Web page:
A cold spell at the end of March put a sudden check on growth; but higher temperatures arrived at the beginning of April which brought leaf and flower buds bursting into life, writes Jackie Power…
April is usually chilly with north easterly winds – and they returned mid-month pushing temperatures down especially at night. Signs are it will remain cool, sunny and settled with very little rainfall during the month. But that could change!
The work schedule in the garden is increasing steadily; weeds need clearing before they get established. Green alkanet, an attractive plant but very invasive – likes to take over gardens (if allowed), paths and will grow in walls; its deep fleshy roots have to be dug out to prevent it spreading. It also seeds everywhere. Other weeds like Dandelions, Couch grass and Herb robert have sprung up taking advantage of the early warm weather.
Keep areas around roses weed free, mulch using either leaf mould or well rotted manure. Hybrid Tea and shrub Roses are highly susceptible to pest and disease attacks especially in dry or very wet weather; to ensure vitality, feed throughout the spring and summer months to help plants be more resistant to colonisation by aphids, or to diseases like rust and powdery mildew. Seaweed extract is a useful organic plant conditioner – available from the www.organiccatalogue.com
Many spring shrubs flowered at the same time as ornamental Cherries – producing stunning displays of blossom. The translucent blue of Ceanothus flowers in perfect contrast to the yellow of Kerria and Forsythia. Bluebells popped up early to be with Forget-Me-Nots; Wisteria has decided to flower – unable to wait until May to reveal purply-blue (or white) perfumed racemes.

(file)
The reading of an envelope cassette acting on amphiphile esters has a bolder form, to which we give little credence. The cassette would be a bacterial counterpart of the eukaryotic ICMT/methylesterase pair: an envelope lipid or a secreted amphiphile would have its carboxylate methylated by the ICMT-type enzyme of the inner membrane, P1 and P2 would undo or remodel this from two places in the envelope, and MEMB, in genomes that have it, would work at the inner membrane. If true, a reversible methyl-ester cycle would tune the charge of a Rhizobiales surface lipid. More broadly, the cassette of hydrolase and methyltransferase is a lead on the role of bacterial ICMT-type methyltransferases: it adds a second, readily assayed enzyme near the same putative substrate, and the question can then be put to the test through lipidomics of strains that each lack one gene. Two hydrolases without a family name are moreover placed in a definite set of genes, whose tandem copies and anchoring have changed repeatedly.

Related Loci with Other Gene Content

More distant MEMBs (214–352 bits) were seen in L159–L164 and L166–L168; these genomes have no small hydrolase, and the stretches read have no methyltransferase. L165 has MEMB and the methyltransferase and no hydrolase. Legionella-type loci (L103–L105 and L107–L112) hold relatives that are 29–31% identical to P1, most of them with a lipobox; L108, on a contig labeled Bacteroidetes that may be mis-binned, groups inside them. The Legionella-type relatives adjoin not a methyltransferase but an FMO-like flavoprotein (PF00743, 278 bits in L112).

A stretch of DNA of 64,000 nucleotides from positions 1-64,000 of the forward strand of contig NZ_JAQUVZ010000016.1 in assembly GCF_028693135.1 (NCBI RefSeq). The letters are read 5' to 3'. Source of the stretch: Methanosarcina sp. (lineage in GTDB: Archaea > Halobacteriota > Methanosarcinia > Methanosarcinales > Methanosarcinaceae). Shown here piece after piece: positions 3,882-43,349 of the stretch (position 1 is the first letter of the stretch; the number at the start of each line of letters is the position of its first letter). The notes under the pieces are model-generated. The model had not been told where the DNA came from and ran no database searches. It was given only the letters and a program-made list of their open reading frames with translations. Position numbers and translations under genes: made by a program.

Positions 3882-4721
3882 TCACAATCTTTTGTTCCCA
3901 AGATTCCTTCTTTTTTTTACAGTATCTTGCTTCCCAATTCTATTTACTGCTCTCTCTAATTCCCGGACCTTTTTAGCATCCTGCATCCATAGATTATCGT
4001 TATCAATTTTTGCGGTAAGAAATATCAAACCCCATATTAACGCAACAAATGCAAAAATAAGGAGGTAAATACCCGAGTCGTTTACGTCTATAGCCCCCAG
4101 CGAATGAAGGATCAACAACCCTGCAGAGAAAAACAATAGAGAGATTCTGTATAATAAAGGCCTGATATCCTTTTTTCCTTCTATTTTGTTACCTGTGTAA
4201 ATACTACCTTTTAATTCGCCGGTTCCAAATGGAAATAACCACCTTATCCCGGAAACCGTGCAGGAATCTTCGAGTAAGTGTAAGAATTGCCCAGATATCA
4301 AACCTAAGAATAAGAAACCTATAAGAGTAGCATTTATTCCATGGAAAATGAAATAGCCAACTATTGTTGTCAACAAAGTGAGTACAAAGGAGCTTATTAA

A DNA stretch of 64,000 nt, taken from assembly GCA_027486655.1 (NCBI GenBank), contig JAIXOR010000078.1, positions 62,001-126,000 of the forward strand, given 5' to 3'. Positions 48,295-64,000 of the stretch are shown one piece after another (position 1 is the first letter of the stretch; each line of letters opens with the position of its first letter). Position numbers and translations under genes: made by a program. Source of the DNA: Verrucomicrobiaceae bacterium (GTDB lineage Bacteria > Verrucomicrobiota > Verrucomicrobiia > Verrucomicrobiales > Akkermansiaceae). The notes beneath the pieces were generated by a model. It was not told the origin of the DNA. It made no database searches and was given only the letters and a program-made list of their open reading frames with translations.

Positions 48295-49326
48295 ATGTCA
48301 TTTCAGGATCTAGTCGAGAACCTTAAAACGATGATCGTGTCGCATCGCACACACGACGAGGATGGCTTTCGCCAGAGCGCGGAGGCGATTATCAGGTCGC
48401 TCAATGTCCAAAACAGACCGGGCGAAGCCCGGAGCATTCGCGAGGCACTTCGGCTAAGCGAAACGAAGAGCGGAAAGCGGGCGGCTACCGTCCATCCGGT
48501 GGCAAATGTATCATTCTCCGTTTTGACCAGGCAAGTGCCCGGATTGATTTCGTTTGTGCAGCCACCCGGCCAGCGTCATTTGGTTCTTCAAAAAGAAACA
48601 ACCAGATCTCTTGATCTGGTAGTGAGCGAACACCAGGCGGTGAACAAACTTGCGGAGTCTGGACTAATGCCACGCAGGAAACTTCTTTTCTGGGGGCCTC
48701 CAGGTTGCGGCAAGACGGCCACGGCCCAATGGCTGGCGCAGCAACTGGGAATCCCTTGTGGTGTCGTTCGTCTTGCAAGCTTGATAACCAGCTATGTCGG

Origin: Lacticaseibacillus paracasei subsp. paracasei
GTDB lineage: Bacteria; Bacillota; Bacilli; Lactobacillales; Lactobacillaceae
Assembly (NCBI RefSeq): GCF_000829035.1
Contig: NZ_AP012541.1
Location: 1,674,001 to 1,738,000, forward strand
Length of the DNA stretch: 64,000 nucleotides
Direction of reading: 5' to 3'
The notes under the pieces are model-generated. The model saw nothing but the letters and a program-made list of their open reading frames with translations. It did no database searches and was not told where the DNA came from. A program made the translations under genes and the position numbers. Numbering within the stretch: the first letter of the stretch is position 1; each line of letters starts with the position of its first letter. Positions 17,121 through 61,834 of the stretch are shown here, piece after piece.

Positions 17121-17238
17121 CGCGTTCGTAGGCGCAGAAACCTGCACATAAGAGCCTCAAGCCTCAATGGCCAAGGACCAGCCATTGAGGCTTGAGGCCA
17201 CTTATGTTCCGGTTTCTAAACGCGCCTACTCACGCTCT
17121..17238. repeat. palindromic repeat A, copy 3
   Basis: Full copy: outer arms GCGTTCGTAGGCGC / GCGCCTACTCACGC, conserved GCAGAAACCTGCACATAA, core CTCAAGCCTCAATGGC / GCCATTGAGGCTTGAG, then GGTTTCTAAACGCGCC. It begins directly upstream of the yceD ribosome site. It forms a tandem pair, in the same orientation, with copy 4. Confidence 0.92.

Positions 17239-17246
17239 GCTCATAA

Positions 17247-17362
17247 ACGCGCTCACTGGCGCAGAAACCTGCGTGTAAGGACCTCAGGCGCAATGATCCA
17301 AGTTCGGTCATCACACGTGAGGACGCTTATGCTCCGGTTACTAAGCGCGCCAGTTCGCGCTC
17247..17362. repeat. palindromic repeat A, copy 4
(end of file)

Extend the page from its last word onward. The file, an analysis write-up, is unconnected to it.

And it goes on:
Houseplants are likely to need attention as they come back into growth; remove dead leaves, repot if needed or top up containers with new compost. Move plants out of direct sunlight if on window ledges – the heat generated through the glass will scorch leaves. Increase watering and use a liquid feed every month (or as per instructions on the label); make sure plants are not constantly saturated or sitting in water. (Most houseplants die from overwatering).
Sow salad veg and herb seeds in small trays or pots on the window sill – a mix of lettuces, beetroots, radishes, cress and Basil. These can be moved to window boxes or hanging baskets (or the garden/allotment) later on. There is high demand online for seeds and plants as most nurseries and garden centres remain closed at this time. Check the following suppliers – Dobies www.dobies.co.uk Chilterns www.chilternseeds.co.uk/ or Victoriana nursery – www.victoriananursery.co.uk